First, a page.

TEI’s Audits and Appeals Seminar, the only tax conference of its kind, is less than two weeks away. You won’t want to miss these ‘must-attend’ SALT sessions:

  • State Tax Judges Panel – Hear from the Other Side of the Bench is a perennial favorite at TEI’s Audits and Appeals Seminar, providing insights into the working of a court room and what state court judges value and dislike, enabling you to litigate cases more effectively.
  • State Auditors Roundtable – A discussion with MTC and State Auditors features four auditors to give a perspective from the other side of the table – discussing the greatest challenges, issues and opportunities on how to make audits go more smoothly.
  • Clear, Direct and Persuasive Writing features expert Ben Opipari from Persuasive Writing on how to ensure your communications are clear, direct and persuasive.

The seminar, being held just outside of Washington, DC, offers two distinct tracks – Federal Tax Controversies and State & Local Tax Controversies. The second day and a half is devoted to SALT matters and will cover the most pressing challenges in-house professionals face when managing state and local audits and appeals, as well as insights from state auditors and state tax court judges.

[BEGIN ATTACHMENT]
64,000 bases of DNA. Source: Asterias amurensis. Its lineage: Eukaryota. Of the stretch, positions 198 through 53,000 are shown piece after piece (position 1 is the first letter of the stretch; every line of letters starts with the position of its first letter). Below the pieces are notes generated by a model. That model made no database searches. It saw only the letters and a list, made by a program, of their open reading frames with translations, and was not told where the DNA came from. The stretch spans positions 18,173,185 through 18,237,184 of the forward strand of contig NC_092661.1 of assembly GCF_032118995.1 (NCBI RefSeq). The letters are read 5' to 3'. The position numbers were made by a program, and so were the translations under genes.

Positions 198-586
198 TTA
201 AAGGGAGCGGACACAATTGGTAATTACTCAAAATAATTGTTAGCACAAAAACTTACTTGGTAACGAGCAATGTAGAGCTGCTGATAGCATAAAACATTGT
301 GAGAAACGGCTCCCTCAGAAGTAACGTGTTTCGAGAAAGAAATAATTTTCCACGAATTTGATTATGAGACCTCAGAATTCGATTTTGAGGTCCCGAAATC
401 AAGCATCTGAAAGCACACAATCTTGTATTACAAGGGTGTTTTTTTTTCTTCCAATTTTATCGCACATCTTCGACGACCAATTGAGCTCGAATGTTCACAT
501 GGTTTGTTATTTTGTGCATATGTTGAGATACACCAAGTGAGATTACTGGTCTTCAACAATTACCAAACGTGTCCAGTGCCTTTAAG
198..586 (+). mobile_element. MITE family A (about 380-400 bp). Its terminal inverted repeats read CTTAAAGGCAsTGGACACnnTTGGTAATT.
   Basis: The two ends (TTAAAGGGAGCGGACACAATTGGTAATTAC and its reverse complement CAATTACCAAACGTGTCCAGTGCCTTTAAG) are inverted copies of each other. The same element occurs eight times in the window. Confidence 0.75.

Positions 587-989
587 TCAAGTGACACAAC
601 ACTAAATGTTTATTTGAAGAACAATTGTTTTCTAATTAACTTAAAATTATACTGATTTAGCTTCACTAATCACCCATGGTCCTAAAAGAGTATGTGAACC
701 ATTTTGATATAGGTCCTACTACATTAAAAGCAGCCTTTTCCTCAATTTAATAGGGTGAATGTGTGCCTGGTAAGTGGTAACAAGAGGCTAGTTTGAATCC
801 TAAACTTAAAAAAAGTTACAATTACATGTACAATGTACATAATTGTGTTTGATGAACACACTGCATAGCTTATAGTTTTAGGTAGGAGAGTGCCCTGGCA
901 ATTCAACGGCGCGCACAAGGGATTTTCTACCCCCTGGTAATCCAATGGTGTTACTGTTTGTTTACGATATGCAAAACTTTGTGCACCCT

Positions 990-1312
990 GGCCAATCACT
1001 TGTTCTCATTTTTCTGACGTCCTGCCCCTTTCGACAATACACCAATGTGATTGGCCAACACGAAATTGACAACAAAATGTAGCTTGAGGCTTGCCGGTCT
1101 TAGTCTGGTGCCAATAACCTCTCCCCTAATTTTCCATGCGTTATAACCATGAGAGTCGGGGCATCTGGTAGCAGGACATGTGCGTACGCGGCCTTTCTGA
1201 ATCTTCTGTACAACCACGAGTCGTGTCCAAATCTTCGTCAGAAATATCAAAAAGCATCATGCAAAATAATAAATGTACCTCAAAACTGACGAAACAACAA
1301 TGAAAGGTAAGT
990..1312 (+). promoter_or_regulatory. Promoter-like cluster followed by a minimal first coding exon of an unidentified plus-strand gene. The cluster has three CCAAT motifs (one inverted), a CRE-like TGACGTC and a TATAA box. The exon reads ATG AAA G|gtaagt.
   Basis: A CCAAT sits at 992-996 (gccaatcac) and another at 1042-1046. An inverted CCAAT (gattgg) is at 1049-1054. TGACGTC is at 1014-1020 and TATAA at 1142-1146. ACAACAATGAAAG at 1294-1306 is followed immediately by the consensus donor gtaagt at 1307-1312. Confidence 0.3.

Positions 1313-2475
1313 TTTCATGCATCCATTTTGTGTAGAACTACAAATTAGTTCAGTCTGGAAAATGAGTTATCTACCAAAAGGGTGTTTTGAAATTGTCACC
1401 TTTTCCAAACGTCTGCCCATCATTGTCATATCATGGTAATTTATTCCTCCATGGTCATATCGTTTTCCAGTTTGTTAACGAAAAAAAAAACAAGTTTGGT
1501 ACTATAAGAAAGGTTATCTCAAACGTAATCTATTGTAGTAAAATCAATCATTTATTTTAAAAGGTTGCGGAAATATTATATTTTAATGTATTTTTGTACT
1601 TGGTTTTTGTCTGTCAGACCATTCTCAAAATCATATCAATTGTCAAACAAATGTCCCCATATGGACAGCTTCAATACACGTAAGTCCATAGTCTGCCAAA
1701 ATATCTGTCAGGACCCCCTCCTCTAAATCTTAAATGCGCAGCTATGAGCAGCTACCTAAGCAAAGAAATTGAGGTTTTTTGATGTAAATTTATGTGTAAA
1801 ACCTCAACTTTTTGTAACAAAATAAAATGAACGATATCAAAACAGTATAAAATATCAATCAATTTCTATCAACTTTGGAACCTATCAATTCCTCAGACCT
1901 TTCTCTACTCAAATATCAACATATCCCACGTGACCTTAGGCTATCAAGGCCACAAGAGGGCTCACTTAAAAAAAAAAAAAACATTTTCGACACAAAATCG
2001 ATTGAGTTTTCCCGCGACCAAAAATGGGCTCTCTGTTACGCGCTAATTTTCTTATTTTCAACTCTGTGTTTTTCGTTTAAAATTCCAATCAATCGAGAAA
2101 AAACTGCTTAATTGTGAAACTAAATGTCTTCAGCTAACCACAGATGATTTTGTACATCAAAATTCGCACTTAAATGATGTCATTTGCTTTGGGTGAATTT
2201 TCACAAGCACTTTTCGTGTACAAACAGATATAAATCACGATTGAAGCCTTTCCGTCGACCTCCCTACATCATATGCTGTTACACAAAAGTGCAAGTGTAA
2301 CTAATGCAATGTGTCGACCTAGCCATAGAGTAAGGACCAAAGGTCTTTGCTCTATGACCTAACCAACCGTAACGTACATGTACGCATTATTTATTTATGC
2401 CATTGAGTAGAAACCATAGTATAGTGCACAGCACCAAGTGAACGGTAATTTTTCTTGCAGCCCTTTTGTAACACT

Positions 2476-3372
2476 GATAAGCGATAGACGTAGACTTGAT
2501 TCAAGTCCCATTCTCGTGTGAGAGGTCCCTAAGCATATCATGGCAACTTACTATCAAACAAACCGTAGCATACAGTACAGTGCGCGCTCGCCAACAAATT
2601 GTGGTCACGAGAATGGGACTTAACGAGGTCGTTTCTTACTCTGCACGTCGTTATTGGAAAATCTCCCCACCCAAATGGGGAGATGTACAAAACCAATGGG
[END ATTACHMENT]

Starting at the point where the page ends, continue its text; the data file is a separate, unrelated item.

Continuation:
We hope you can join us! Register today: https://bit.ly/3NTWanS

In this episode of the SALT Shaker Podcast, host and Eversheds Sutherland Associate Jeremy Gove welcomes back Counsel Charles Capouet for a discussion of taxpayer wins and losses in Q1 and Q2 of 2022. Thanks to the SALT Scoreboards, they cover key cases from each quarter and what the results mean.

Continuing tradition, they conclude with Jeremy’s favorite question—overrated/underrated? Are first day of school photos underrated or overrated?

Read the Q1 and Q2 editions of the SALT Scoreboard here.

Questions or comments? Email SALTonline@eversheds-sutherland.com. You can also subscribe to receive our regular updates hosted on the SALT Shaker blog.

 

 

 

 

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Calling all trivia fans! Don’t miss out on a chance to show off your SALT knowledge!

We will award prizes for the smartest (and fastest) participants.

This week’s question: What state’s governor recently signed into law a bill that will reduce the state’s top corporate income tax rate from 5.9% to 5.3 % beginning on January 1, 2023?